(1) In Shinde v. Bombay Telephones, 1968 (11) LLJ 74, it was held that whether the workman stands outside the factory premises or inside it, if his duties are connected with the business of the factory or connected with the factory, he is really employed in the factory and in connection with the factory.
(2) In Works Manager, Central Rly. Workshop Jhansi v. Vishwanath and others, it was held that the definition of worker does not exclude those employees who are entrusted solely with clerical duties, if they otherwise fall within the definition of ‘worker. Timekeepers employed to maintain attendance of the staff, job cards particularly of the various jobs under operation, and time- sheets of the staff engaged in production of
spare parts, repairs, etc.; and head time-keeper who supervise the work of the time-keepers, perform work which is incidental to or connected with the manufacturing process carried on in the factory and would therefore, fall within the definition of the worker in the Act.
Now it is very important to understand nature of work of departmental manager. whether departmental manager works under supervision and control of employer or departmental manager have liberty to work as per his discrition.
In Shankar Balaji Waje v. State of Maharashtra, AIR 1963 Bom. 236, the question arose whether bidi roller is a worker or not. The management simply says that the labourer is to produce bidies rolled in a certain form. How the labourer carried out the work is his own concern and is not controlled by the management, which is concerned only with getting bidies rolled in a particular style with certain contents. The Supreme Court held that the bidi roller is not a worker.
The whole conception of service does not fit in well with a servant who has full liberty to attend to his work according to his pleasure and not according to the orders of his master. Where the employer did retain direction and control over the workers both in manner of the nature of the work as ‘also its details they will be held as workers.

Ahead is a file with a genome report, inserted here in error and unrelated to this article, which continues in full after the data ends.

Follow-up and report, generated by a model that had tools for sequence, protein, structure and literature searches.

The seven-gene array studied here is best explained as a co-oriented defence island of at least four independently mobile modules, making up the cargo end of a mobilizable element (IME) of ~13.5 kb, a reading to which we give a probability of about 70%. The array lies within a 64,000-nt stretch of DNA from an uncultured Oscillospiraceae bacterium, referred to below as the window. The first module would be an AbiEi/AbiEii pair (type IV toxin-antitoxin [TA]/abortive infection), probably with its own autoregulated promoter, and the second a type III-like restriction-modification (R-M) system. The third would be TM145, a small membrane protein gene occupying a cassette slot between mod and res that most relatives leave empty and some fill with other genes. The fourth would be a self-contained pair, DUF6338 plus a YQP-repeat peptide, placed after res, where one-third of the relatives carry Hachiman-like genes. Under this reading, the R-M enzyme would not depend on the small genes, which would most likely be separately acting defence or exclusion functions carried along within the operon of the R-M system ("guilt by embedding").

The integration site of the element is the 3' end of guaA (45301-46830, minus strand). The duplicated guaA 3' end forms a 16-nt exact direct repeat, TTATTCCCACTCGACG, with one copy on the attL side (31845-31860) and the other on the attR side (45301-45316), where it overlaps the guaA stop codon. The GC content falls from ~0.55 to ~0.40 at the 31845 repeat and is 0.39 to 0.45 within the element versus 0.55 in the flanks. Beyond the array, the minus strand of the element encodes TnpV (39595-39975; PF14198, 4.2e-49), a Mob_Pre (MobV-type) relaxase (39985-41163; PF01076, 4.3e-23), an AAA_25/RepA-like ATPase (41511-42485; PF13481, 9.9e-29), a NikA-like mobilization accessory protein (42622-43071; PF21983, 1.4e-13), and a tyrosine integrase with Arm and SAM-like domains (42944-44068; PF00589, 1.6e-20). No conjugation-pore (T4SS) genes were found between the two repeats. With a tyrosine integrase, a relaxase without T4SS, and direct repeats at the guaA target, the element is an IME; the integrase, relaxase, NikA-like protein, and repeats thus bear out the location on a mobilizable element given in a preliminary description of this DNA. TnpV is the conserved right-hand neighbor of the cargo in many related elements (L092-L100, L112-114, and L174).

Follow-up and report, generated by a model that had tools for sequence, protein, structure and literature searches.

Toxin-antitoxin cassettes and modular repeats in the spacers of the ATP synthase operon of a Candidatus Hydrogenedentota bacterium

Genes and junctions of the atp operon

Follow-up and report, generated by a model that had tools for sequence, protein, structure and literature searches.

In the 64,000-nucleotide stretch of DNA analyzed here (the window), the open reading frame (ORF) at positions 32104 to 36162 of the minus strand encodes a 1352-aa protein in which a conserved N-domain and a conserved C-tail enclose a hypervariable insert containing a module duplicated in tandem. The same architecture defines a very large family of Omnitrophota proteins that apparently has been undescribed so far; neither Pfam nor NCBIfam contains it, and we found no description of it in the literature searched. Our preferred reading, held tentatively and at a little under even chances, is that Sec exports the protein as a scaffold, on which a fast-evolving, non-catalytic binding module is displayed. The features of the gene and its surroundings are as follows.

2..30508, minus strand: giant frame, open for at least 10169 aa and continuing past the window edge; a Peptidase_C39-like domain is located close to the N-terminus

In State of Kerala v. R.E.DSouza; Women and girls employed in peeling, washing etc., of consignment of prawns brought on the premises at any time of the day or night, without any specified hours of work and without any control over their attendance or the nature, manner or quantum of their work and who after finishing the work go to other premises in the locality where similar consignment of prawns are received, are not Workers.
So deciding factor about category of departmental manager whether falls under definition of worker or not; working conditions under employment are required to examine like:
1. whether departmental manager working hours is as per his own sweet will or not?
2. whether departmental manager working method is out of employer supervision or not?
3. whether departmental manager working is out of employer control or not?
if answer of above three question's answer are "No"; then departmental manager falls under definition of worker if his works within factory for manufacturing process or not.
if answer of above three question's answer are "Yes"; then departmental manager do not falls under definition of worker even he works within factory for manufacturing process.
In question of whether all employees are workers court said as below:
Since the word employee has not been defined in the Act it follows that all the workers within the ambit of the definition under the factories Act would be employees, while all employees would not be workers (Harbanslal v. State of Karnataka, (1976)1 Karnt.J.111).
All persons employed in or in connection with a factory whether or not employed
as workers are entitled to the benefits of the Act (Union of India v. G.M. Kokil, 1984 SCC (L&S) 631).
Once it is established prima facie that premises in question is a factory within the meaning of the Act, the provisions of Section 103 as to the presumption of employment are immediately attracted and onus to prove the contrary shifts to the accused (Prafulbhai Patadia v. The State, 1976 (12) E.L.R. 329).
13th July 2018 From Malaysia, Seremban